1. Failure to maintain altitude.
2. Failure to maintain heading.
3. Overcontrolling pitch and bank during corrections.
4. Failure to maintain proper pedal trim.
5. Failure to cross-check all available instruments.
Power Control. Establishing specific power settings is accomplished through collective pitch adjustments-RPM is controlled automatically in a turbine engine helicopter. Once a desired power setting is established, frequent attention to the torque meter is necessary. At any given airspeed, a specific power setting determines whether the helicopter is in level flight, in a climb, or in a descent. For example, cruising airspeed maintained with cruising power will result in level flight. If you increase the power setting and hold the airspeed constant, the helicopter will climb. Conversely, if you decrease power and hold the airspeed constant, the helicopter will descend. As a rule of thumb, in a turbine engine helicopter a 10 percent change in the torque value required to maintain level fright will result in a climb or descent of approximately 500 feet per minute, if the airspeed remains the same.
If the altitude is held constant, power determines the airspeed. For example, at a constant altitude, cruising power results in cruising airspeed. Any deviation from the cruising power setting results in a change of airspeed. When power is added to increase airspeed, the nose of the helicopter pitches up and yaws to the right; when power is reduced to decrease airspeed, the nose pitches down and yaws to the left. The yawing effect is most pronounced in single-rotor helicopters, and is absent in helicopters with counter rotating rotors. To counteract the yawing tendency of the helicopter, apply pedal trim during power changes.
To maintain a constant altitude and airspeed in level flight, coordinate pitch attitude and power control. The relationship between altitude and airspeed determines the need for a change in power and/or pitch attitude. If the altitude is constant and the airspeed is high or low, change the power to obtain the desired airspeed. During the change in power, make an accurate interpretation of the altimeter; then counteract any deviation from the desired altitude by an appropriate change of pitch attitude. If the altitude is low and the airspeed is high, or vice versa, a change in pitch attitude alone may return the helicopter to the proper altitude and airspeed. If both airspeed and altitude are low, or if both are high, a change in both power and pitch attitude is necessary.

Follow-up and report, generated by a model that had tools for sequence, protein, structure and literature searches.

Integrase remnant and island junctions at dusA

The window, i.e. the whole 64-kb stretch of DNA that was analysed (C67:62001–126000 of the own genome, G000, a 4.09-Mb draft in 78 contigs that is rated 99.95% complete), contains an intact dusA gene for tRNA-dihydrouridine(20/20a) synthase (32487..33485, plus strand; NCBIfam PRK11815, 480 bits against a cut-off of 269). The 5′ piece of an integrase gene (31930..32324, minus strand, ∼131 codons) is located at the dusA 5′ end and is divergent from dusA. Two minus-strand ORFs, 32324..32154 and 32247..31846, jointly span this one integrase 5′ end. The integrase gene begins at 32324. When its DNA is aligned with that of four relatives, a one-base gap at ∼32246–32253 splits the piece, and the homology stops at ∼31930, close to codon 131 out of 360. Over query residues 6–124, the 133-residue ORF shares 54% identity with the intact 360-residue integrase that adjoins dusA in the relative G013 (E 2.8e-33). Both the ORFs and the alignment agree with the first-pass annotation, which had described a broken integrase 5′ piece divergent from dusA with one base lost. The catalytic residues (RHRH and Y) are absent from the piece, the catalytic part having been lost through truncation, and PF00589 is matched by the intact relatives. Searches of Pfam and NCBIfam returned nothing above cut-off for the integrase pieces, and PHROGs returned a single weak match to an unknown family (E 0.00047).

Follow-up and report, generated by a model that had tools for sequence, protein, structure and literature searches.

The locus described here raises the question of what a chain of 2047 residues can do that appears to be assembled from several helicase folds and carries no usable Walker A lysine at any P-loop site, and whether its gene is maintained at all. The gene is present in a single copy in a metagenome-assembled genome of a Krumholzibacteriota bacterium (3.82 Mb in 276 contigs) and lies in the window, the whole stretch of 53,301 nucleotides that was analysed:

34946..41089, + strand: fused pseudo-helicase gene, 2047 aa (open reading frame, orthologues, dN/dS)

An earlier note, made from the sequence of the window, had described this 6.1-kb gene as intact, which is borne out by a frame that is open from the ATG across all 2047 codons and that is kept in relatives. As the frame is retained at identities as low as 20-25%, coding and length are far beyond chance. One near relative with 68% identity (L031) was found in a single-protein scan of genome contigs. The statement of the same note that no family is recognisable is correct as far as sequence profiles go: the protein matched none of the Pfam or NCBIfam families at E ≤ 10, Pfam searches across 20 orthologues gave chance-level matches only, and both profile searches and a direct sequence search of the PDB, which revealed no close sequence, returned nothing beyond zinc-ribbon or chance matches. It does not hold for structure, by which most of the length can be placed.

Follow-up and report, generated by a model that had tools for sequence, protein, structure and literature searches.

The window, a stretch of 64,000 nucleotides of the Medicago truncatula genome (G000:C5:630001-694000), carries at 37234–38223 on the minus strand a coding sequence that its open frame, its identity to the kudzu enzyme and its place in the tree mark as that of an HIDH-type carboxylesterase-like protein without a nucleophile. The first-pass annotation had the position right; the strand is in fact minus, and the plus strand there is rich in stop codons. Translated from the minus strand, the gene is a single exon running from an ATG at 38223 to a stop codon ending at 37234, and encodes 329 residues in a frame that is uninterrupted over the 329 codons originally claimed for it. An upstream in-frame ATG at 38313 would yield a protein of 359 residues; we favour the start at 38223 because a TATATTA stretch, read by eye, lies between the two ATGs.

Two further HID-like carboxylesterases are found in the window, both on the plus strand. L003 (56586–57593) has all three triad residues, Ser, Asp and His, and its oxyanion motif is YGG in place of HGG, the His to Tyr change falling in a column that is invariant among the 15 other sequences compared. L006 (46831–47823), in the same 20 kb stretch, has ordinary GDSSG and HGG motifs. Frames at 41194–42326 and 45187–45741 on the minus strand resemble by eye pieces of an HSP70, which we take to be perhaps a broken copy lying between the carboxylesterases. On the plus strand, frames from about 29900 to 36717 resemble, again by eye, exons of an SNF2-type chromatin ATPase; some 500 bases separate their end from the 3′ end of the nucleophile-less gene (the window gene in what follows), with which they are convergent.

To make power control easy when changing airspeed, it is necessary to know the approximate power settings for the various airspeeds which will be flown. When the airspeed is to be changed any appreciable amount, adjust the power so that the torque is approximately 5 percent over or under that setting necessary to maintain the new airspeed. As the power approaches the desired setting, include the torque meter in the cross-check to determine when the proper adjustment has been accomplished. As the airspeed is changing, adjust the pitch attitude to maintain a constant altitude. A constant heading should be maintained throughout the change. As the desired airspeed is approached, adjust power to the new cruising power setting and further adjust pitch attitude to maintain altitude. Overpowering and underpowering torque approximately 5 percent is the normal procedure. This results in a change of airspeed at a moderate rate, which allows ample time to adjust pitch and bank smoothly. The instrument indications for straight-and-level flight at normal cruise, and during the transition from normal cruise to slow cruise, are illustrated in Figures 6-6 and 6-7. After the airspeed has stabilized at slow cruise, the attitude indicator will show an approximate level pitch attitude.
The altimeter is the primary pitch instrument during level flight, whether flying at a constant airspeed, or during a change in airspeed. Altitude should not change during airspeed transitions. The heading indicator remains the primary bank instrument. Whenever the airspeed is changed any appreciable amount, the torque meter is momentarily the primary instrument for power control, and it should be adjusted to indicate an exact power setting. When the airspeed approaches that desired, the airspeed indicator again becomes the primary instrument for power control.
Figure 6-6. Straight-and-level flight (normal cruising airspeed).
Figure 6-7. Straight-and-level flight (airspeed decreasing).
The cross-check of the pitch and the bank instruments to produce straight-and-level flight should be combined with the power control instruments. With a constant power setting, a normal cross-check should be satisfactory. When changing power, however, the speed of the cross-check must be increased to cover the pitch and bank instruments adequately. This is necessary to counteract any deviations immediately.
Common Errors During Airspeed Changes.
1. Improper use of power.
2. Overcontrolling pitch attitude.
3. Failure to maintain heading.
4. Failure to maintain attitude.
5. Improper pedal trim.